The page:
- First Second’s doing something I’ve not seen the other children’s lit imprints attempt. Aware that serializing a comic series profits a company since it can both build a fanbase and then profit in the end with a print edition at the end, they’re publishing Friends With Boys by Faith Erin Hicks. The book is slated to come out February 2012. Considering how most kids read their comics online anyway, it’s a clever notion.
- While hanging out with a friend the other day they happened to ask, “So… did you hear that Sherlock Holmes got banned?” I did, as it turned out. Funny it wasn’t even one of those graphic novel adaptations but the book proper. Huh.
- Hanging out with friends the other week I found myself in the presence of a children’s literature scholar. I urged her to consider blogging about her profession. “After all,” I reasoned, “we only have one who blogs.” “Yes, but he’s so good,” she countered. We were both, of course, talking about Philip Nel. There really isn’t anybody else. And now Phil has written an eye-opening piece entitled Professional Autodidact; or, How I Became a Children’s Literature Professor. I rather like the notion of bloggers writing posts on how they entered the field in this manner. I can think of others I’d like to see write similar pieces.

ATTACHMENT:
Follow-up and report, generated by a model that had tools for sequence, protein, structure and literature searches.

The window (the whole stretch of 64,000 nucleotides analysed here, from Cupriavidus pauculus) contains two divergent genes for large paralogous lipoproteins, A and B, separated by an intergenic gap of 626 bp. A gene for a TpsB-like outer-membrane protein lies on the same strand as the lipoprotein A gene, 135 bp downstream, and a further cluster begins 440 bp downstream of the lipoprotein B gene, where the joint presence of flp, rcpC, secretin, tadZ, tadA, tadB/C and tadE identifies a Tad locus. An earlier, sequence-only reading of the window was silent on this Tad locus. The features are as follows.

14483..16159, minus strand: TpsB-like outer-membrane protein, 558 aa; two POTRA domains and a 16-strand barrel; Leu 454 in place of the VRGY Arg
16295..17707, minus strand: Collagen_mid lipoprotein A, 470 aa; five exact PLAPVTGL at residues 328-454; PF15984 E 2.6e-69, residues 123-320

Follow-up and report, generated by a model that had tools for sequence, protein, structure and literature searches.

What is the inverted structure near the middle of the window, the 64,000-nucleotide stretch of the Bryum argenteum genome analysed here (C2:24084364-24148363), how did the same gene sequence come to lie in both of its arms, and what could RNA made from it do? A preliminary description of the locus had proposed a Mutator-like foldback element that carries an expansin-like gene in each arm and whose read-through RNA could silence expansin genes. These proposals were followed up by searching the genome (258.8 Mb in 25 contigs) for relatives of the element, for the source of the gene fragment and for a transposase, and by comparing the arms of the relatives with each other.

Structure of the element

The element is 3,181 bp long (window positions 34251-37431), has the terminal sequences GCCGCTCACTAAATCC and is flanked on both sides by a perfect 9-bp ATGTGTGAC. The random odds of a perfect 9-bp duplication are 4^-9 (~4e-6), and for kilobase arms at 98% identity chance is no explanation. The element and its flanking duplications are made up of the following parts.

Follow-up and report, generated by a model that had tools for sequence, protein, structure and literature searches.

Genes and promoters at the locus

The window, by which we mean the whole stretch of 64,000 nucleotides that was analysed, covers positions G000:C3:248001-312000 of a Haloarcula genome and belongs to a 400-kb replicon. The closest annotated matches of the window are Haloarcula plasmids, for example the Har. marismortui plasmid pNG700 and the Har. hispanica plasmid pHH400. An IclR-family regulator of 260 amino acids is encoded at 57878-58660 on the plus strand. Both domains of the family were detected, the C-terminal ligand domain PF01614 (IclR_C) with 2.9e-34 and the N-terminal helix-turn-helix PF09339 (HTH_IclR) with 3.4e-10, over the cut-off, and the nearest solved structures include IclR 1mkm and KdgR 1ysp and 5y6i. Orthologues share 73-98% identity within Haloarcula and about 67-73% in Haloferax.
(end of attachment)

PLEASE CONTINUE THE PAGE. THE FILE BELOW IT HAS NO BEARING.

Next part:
- Speaking of scholars, credit to Salon. Or, more specifically, to Emma Mustich. Knowing full well that we are about to be inundated with a slew of awful fairytale based films (oh . . . you have no idea) she contacted Jack Zipes, our resident fairy tale scholar, to comment. I love that he’s into the film version of How to Train Your Dragon (my husband would concur). Thanks to Educating Alice for the link.
- By the way, did you happen to check out the Cockeyed Caravan Ultimate Story Checklist? Ostensibly for screenplays it works beautifully for works of fiction. I actually use it myself. Good stuff.
- This is more for the NYC folks. I happen to find it fascinating. From Cynopsis Kids: